Thursday, July 1, 2021

"A Man Tumbled Out the Window, Bounced Off the Awning in Front of the Building, and Dropped Heavily to the Ground"

"The Time Snatcher."
By Randall Garrett (1927-87).
Illustrator unknown.
First appearance: Imagination, February 1957.
Reprints page (HERE).
Short story (12 pages).
Online at Project Gutenberg (HERE) and (HERE).
So what's so serious that a Time Patrolman has to get involved with it? Building a dam, obviously:

  "Time travel, he knew, was possible only so long as the traveller into the past did nothing that would change history significantly; the time-stream itself would straighten out little changes in the past so that overall history would remain the same. But a big change was something else again. If you stick your finger in a river, there are a few ripples around it, but the flow of the river remains the same. If you build a dam, though . . . ."

And a wanted criminal is determined to build that dam . . . .

Principal characters:
~ The Councillor:
  "I'm afraid I don't understand what you mean."
~ Brek Halliday:
  ". . . felt a sudden blow on the back of his neck, and his knees sagged."
~ Joe Sagginer:
  ". . . had been convicted once for illegal use of a time machine, and had been sentenced to ten years . . ."
~ Dori Clayton:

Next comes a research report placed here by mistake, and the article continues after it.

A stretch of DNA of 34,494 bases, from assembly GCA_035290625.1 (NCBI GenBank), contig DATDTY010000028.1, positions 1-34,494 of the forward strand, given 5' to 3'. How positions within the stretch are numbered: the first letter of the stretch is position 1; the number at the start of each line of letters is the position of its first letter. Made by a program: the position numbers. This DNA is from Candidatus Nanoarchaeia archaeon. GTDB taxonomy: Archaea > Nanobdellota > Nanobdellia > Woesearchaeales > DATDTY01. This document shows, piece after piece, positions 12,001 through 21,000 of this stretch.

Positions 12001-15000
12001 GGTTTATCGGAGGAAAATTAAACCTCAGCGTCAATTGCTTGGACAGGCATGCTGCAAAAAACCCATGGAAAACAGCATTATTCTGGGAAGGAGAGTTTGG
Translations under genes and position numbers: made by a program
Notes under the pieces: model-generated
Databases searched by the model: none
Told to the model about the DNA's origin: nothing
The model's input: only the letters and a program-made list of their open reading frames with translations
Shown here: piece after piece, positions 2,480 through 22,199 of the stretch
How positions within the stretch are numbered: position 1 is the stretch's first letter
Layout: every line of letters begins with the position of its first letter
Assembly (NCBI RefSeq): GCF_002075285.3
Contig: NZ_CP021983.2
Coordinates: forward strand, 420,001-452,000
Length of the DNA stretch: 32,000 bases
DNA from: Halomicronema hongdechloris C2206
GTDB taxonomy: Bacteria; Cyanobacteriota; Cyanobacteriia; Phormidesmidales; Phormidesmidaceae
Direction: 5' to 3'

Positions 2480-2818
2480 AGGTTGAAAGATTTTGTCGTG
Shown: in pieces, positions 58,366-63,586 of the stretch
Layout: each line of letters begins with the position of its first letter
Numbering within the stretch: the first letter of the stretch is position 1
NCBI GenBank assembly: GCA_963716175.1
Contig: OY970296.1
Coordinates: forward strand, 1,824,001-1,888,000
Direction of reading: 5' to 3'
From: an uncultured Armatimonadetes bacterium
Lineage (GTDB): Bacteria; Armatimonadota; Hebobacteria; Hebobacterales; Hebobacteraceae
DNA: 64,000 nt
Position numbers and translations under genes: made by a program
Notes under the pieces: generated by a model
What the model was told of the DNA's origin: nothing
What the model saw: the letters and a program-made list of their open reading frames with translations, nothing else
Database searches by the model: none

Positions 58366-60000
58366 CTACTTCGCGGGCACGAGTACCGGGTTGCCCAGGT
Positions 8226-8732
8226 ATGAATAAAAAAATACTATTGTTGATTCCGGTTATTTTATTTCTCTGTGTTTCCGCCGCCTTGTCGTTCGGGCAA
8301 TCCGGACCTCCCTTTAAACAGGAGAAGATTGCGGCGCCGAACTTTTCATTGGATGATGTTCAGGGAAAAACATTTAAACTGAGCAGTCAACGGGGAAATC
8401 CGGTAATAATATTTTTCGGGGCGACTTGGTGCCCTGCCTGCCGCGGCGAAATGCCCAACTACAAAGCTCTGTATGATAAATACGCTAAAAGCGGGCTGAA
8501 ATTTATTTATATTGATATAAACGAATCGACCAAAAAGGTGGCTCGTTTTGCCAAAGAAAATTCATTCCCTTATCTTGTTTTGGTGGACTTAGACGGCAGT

". . . stared at him, no recognition in her eyes."
~ The sheriff:
  "You've got trouble, stranger."
~ Chuck:
  "Ed, it really ain't none of my business, but I thought you ought to know that Cactus is gunnin' for you."
~ Sam:
  "No noise from the house."

Reference and resource:
- "a very ordinary-looking cayuse": Without horses there would have been no Wild West to write about:
  ". . . in full, Cayuse Indian pony, North American wild or tame horse, descended from horses taken to the New World by the Spanish in the 16th century. The small and stocky horse had become a distinct breed by the 19th century. It was named for the Cayuse people of eastern Washington and Oregon" (Britannica HERE).
- As we said long ago, we'll be returning to Randall Garrett's pulp fiction quite often; our latest contact with him was his "Heist Job on Thizar" (HERE).


  1. I've been reading a lot of 1950s pulp sci-fi recently and there really was an obsession with time travel stories at that time. And a lot of rather clever time travel stories too.

    1. I'm guessing SFF pulpsters had grown weary of Martian princesses by this time and were glomming on to time travel as a new direction for the genre.

      I'm always hesitant to attribute the then fairly new prospect of genocidal atomic warfare to a loss of nerve on their part; people hiding in British bomb shelters during the Blitz avidly consumed murder mysteries as much, if not more, than they did before the war. The pulpsters managed to exploit nuclear war for a long time in their stories, making them one of the few non-governmental segments of society to turn a profit off Armageddon.